Bernadette Kehoe attends the first public performance of Sir James Macmillan's Motets for a private Catholic chapel
The renowned Catholic composer, Sir James Macmillan, has composed a set of Motets for a private Catholic chapel at a grand English country house. A few days ago, I was fortunate to be among those present when he conducted the Motets as they were performed in public for the first time, at St Edmund’s College, Cambridge, to an appreciative audience of mainly academics and students.
Professor Eamon Duffy set the tone with a talk before the recital on "Domestic Chapels in the Great Houses of England", an historical account of private places of devotion for powerful people and their households, served by chaplains.
Dispensations for private chapels were given up until the Reformation, after which many were lost. But some have crept back in modern times, and none more spectacular than one that’s recently been built from scratch at Culham Court on the banks of the Thames in Oxfordshire.
Constructed in the style of a classical temple, with huge attention to detail, the Chapel of Christ the Redeemer took three years to build. The consecration service was led by the late Cardinal Cormac Murphy-O’Connor two years ago.
Sir James Macmillan explained how the first public performance of the Motets, with twelve voices, had allowed him to reflect more intensely on the spirituality of the composition: “I could feel an atmosphere, a real kind of presence in the performance. To be able to step back and hear it in a more relaxed setting was important. The interconnected flow was very moving and the singing really came together.”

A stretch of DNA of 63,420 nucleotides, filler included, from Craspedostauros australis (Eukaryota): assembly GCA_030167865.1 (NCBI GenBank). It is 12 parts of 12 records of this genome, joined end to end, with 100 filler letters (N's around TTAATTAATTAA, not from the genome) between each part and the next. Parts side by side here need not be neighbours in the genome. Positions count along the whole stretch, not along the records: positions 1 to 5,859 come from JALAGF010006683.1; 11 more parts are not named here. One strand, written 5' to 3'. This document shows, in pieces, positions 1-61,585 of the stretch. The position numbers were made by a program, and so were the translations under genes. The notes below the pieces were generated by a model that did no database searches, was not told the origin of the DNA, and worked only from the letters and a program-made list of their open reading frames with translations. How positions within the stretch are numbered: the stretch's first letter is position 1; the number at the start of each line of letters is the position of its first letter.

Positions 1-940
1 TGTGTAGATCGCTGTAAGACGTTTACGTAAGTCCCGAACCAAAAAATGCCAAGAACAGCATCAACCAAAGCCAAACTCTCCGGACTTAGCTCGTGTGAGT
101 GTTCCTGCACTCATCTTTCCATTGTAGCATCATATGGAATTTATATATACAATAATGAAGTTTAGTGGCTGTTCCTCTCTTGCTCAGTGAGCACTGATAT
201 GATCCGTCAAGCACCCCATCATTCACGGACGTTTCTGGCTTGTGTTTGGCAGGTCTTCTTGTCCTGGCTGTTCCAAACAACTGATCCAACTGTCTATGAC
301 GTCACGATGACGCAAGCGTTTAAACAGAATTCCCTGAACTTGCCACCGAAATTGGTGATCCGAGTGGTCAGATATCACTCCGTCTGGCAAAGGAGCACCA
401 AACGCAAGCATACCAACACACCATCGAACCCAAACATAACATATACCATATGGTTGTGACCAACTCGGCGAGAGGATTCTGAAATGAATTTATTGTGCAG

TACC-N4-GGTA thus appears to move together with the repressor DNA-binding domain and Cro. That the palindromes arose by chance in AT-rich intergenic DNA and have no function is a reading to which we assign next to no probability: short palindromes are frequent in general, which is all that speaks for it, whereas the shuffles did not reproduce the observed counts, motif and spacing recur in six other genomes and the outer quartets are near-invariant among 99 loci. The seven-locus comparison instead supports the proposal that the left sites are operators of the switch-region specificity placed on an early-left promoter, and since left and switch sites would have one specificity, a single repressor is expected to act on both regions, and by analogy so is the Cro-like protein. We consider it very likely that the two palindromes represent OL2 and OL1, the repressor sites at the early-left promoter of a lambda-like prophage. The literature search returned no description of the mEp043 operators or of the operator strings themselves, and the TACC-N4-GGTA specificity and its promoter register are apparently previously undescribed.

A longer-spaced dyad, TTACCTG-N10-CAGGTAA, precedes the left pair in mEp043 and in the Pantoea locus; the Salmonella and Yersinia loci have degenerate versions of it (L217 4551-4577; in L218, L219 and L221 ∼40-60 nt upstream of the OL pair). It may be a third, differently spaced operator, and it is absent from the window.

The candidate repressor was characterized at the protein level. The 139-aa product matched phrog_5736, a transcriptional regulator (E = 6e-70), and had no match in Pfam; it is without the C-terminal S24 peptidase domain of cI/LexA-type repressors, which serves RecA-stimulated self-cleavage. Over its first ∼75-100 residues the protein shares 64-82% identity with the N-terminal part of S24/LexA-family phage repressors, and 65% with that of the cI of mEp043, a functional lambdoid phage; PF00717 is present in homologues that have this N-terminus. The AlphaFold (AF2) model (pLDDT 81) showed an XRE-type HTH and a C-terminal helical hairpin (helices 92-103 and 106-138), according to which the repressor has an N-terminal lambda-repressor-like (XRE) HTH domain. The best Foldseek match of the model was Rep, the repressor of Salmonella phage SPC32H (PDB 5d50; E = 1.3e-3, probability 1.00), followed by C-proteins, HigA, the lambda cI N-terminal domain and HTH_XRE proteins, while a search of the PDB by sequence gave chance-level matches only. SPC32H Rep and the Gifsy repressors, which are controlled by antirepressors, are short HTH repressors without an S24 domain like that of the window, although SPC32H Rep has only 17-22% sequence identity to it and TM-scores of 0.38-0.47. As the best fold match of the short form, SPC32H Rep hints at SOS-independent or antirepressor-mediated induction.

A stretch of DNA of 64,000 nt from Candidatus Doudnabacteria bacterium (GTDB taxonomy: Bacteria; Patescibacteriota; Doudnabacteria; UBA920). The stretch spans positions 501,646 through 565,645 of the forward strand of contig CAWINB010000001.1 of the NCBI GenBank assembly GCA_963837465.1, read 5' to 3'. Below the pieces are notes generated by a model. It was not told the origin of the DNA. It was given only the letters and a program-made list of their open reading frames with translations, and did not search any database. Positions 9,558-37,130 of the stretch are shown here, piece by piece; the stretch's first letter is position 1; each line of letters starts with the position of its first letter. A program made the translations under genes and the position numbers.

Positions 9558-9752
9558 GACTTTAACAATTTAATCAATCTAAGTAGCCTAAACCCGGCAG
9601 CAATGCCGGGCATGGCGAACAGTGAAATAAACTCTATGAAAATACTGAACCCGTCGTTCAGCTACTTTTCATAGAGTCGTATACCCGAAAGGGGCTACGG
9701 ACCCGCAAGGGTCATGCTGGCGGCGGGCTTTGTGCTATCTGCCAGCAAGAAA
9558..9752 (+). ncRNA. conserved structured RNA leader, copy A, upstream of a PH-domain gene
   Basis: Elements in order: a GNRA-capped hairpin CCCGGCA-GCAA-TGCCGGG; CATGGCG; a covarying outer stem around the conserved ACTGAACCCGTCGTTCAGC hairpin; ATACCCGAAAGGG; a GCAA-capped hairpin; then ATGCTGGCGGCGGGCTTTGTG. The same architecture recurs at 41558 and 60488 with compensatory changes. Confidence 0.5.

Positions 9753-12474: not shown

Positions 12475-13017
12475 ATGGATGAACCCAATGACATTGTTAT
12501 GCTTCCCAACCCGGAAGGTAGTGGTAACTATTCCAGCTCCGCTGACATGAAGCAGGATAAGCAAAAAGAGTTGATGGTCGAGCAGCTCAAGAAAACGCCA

The chapel is located in an estate owned by the Swiss financier, Urs Schwarzenbach.
Mrs Francesca Schwarzenbach was at the Cambridge performance and described how the simplicity of the recital allowed an intense focus on the way Sir James conducted the choir: “This occasion, following on from the consecration, was a chance to just focus on the beauty of the music, it was deeply spiritual. At Culham, the consecration of the chapel was a really enriching experience and the music was a part of that, but this was special because we could concentrate purely on the music and on James’ intense focus – he was a part of the choir.”
Sir James added : “The Holy Spirit is the basis for inspiration of the arts; inspiration for music comes from the Spirit. It’s something we don’t pursue enough in the Church.”
St Edmund’s has launched a new Music Society to coincide with the performance of the Culham Motets, with Sir James Macmillan, who is an Honorary Fellow of the College, as its patron.
An idea of the literary and historical context within which we heard these beautiful Motets can be imagined by referencing Jane Austen and Evelyn Waugh. ’
Austen writes in Mansfield Park that the party arrives at Sotherton and is immediately given a tour of the house by Mr Rushworth’s mother, a garrulous old woman as dull as her son. Fanny is disappointed by the chapel, which is a mere room: "Here are no aisles, no arches, no inscriptions, no banners.”
Waugh in Brideshead Revisited writes: “The last architect to work at Brideshead had added a colonnade and flanking pavilions. One of these was the chapel. We entered it by the public porch …Sebastian dipped his fingers in the water stoup, crossed himself, and genuflected; I copied him. ‘Why do you do that?’ he asked crossly. ‘Just good manners'.”
From the fiction of Jane Austen and Evelyn Waugh to modern day fact.
The Chapel of Christ the Redeemer is set on a hilltop within the Culham Court estate. In order to explain the chapel’s purpose, the trust behind it invokes architectural historian John Martin Robinson: “The aim of church art is to express divine beauty through human endeavour and thereby help turn men’s thoughts to God” and says it “evokes the link between the presence of God and the beauty and tranquillity of the natural landscape".
The Chapel is open to the public for Mass once a month and on Holydays of Obligation.
Picture of composer Sir James Macmillan conducting at Cambridge by Joe Howarth